CEDAR FALLS, Iowa -- Hillary Clinton today brushed off a new poll number showing a significant drop in support among women, telling reporters at a campaign stop in Iowa that the numbers are simply part of the natural “ebb and flow” of campaigns.
"You know, I’m not one of those who ever thought this was going to be a straight shot,” the Democratic presidential candidate told reporters following a “Women for Hillary” rally at the University of Northern Iowa in Cedar Falls. "I’ve been and around enough campaigns to know there’s an ebb and flow. Polls go up and down, people’s attention and decision making changes over time.”
Clinton’s remark came in response to a reporter’s question about a new ABC News/Washington Post poll showing Clinton with 42 percent support among women -- a 29-point drop since mid-summer. (In July, the poll showed Clinton with 71 percent support among women.)
Despite these dropping numbers, which many attribute in part to her handling of the email controversy throughout the summer, Clinton told reporters she remains “very confident” about the trajectory of her campaign.
"I feel very confident about where we are in the campaign and very committed to doing everything I can to make my case as effectively as possible to women and men, and I think that will be successful,” Clinton added at her event today -- the focus of which was women.
During her prepared remarks, which she delivered before a crowd of roughly 500 people at an auditorium on the college campus, Clinton outlined her plan to combat sexual assault on universities across the country.
"I want to send a message to every survivor of sexual assault,” Clinton said. “Don’t let anyone silence your voice. You have the right to be heard. You have the right to be believed, and we are with you as you go forward."
Following the speech, Clinton was also asked twice -- once by a 20-year-old sophomore at the university and once by a local reporter -- about Democratic presidential candidate Bernie Sanders, who is gaining on Clinton in the polls and seeing growing support among young people.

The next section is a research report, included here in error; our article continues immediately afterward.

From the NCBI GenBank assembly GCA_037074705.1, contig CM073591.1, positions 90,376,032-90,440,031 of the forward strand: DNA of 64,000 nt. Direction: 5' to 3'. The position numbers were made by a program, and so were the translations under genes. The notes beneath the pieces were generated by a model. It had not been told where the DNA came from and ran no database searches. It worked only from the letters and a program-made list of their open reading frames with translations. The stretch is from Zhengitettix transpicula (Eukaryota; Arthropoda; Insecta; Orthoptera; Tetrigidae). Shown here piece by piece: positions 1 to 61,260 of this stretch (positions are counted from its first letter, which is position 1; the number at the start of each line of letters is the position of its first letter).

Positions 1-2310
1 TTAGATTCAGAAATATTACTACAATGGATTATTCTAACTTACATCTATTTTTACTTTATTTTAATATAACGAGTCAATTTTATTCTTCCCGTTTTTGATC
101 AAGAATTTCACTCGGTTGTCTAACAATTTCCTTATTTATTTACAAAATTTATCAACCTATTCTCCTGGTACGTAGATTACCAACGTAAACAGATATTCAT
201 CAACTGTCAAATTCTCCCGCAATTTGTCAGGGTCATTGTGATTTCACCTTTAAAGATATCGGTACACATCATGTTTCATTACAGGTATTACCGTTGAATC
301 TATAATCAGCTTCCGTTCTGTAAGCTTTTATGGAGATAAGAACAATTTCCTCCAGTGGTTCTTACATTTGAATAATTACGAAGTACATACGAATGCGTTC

Clinton once again declined to note policy differences between the two candidates, but said she is not threatened by his surge.
“I’m not,” Clinton said when asked by a reporter if she is worried about him in Iowa. “I’m not because you’re supposed to have an election, you’re supposed to have a contest and I think it’s great there’s so much interest on the Democratic side.”
Earlier, Clinton noted that “he’s doing a great job” and said "there will be plenty of times for us to debate” (referring to the first Democratic debate next month).
Alexander Fox, the student who asked Clinton about Sanders, later told ABC News that he was hoping Clinton would have named some specific policy differences between the two candidates because he’s “kind of undecided.” But in the end, he's "really hoping a Democratic candidate wins. Just not Donald Trump," he said.
Clinton’s one-day swing through Iowa comes two days before the second Republican presidential debate on Wednesday. She told reporters that even if she has to watch on a delay, she does plan on watching.
“I do obviously watch it,” Clinton said, “And watch how each of the Republicans is out of touch and out of date.”